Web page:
autosomal recessively inherited. Sickle Cell Disorders (which include HbSS, HbSC, HbSD Punjab, HbSb Thal (b+,b0, db, Lepore), HbSO Arab, Hb-S/HPFH) are a variable set of conditions which can cause chronic anaemia, jaundice, painful crisis, organ damage, infections and strokes.
there are approximately 240,000 healthy carriers and more than 14,500 people with Sickle Cell Disorders in the UK. All pregnant women with Sickle Cell Disorders should receive specialist obstetric and haematological care
Alpha and Beta Thalassaemia Major are autosomal recessively inherited
are approximately 214,000 healthy carriers and more than 700 people with Thalassaemia Disorders in the UK
Alpha Thalassaemia Major is incompatible with intrauterine life
Beta Thalassaemia Major results in life threatening anaemia and requires blood transfusions every 4-6 weeks and iron chelation to prevent further illness.
all pregnant women with Thalassaemia Disorders should receive specialist obstetric and haematological care
screening policy for sickle cell and thalassaemia
Screening Policy Screening for Sickle Cell and Thalassaemia and other haemoglobin variants in pregnancy should be performed early, preferably between 8 -10 weeks.
there are two approaches to the offer of screening depending on whether a Trust is defined as either high or low prevalence
high prevalence trusts are those where sickle cell diseases are estimated to affect over 1.5 pregnancies per 10,000 births. Information from the FOQ is used to interpret the blood results
low prevalence trusts are those where sickle cell diseases are estimated to affect less than 1.5 pregnancies per 10,000 births. The FOQ is used to screen women and the baby’s father and assess the risk of haemoglobin variants and sickle cell disease
Thalassaemia screening using routine blood indices will be offered to all women in England, i.e. in high and low prevalence Trusts. Women should be aware of this and informed consent should be sought prior to screening
screening for sickle cell and other haemoglobin variants will depend on the prevalence of the condition. Sickle cell and other haemoglobin variants screening is offered to all women in those Trusts identified as high prevalence. All other areas will be required to offer, as a minimum, laboratory testing for sickle cell and other haemoglobin variants based on an assessment of risk determined by a question to women about their and their baby's father's family origin. Copies of the family origin questionnaire are available from the following website:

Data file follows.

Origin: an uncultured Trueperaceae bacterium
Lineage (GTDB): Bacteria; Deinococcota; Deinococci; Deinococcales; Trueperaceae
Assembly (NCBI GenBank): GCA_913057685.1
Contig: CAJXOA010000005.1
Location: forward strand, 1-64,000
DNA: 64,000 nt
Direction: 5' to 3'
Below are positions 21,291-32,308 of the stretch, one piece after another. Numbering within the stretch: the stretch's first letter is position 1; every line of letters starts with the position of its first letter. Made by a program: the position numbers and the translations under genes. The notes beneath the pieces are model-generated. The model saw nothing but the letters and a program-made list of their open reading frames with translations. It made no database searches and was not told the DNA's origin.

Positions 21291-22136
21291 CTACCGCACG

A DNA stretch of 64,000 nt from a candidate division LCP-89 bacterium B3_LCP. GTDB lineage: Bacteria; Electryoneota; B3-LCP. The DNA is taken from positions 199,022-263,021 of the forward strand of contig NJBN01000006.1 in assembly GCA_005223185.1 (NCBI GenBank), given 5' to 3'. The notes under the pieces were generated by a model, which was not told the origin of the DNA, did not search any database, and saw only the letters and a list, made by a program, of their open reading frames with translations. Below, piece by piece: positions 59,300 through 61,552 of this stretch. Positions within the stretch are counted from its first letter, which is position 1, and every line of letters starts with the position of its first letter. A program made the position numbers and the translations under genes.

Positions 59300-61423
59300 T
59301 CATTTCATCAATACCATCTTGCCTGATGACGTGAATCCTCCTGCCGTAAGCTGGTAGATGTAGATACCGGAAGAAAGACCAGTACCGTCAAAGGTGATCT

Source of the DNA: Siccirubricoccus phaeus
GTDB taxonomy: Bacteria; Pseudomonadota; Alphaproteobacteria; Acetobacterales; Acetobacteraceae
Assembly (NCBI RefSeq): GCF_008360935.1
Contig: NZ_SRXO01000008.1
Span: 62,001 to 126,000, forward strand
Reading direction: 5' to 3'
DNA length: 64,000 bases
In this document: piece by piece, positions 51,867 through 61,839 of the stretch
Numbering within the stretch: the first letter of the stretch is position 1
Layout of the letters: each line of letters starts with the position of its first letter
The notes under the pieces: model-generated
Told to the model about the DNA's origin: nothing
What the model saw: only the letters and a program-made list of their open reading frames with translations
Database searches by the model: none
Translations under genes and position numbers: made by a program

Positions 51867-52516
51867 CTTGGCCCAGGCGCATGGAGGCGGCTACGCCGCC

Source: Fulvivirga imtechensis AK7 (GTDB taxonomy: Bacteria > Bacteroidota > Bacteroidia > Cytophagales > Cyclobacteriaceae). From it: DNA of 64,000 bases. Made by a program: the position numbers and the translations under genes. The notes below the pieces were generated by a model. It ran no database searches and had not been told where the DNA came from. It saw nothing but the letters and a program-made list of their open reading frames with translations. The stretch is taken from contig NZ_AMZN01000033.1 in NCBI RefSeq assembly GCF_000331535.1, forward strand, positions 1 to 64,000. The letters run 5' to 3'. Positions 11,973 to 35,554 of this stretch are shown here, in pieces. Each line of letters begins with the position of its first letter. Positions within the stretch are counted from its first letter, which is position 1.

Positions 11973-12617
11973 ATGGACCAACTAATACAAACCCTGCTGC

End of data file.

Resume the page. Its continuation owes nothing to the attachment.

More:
two reports which have informed policy and standards are:
HTA 1999; Vol 3: No 11 Antenatal and neonatal Haemoglobinopathy screening in the UK: Review and economic analysis
HTA 2000; Vol4:No 3 Screening for sickle cell and thalassaemia: a systematic review with supplementary research
NICE have suggested (1)
screening for sickle cell diseases and thalassaemias should be offered to all women as early as possible in pregnancy (ideally by 10 weeks). The type of screening depends upon the prevalence and can be carried out in either primary or secondary care
where prevalence of sickle cell disease is low (fetal prevalence 1.5 cases per 10,000 pregnancies or below), all pregnant women should be offered screening for haemoglobinopathies using the Family Origin Questionnaire:
if the Family Origin Questionnaire indicates a high risk of sickle cell disorders, laboratory screening (preferably high-performance liquid chromatography) should be offered
if the mean corpuscular haemoglobin is below 27 picograms, laboratory screening (preferably high-performance liquid chromatography) should be offered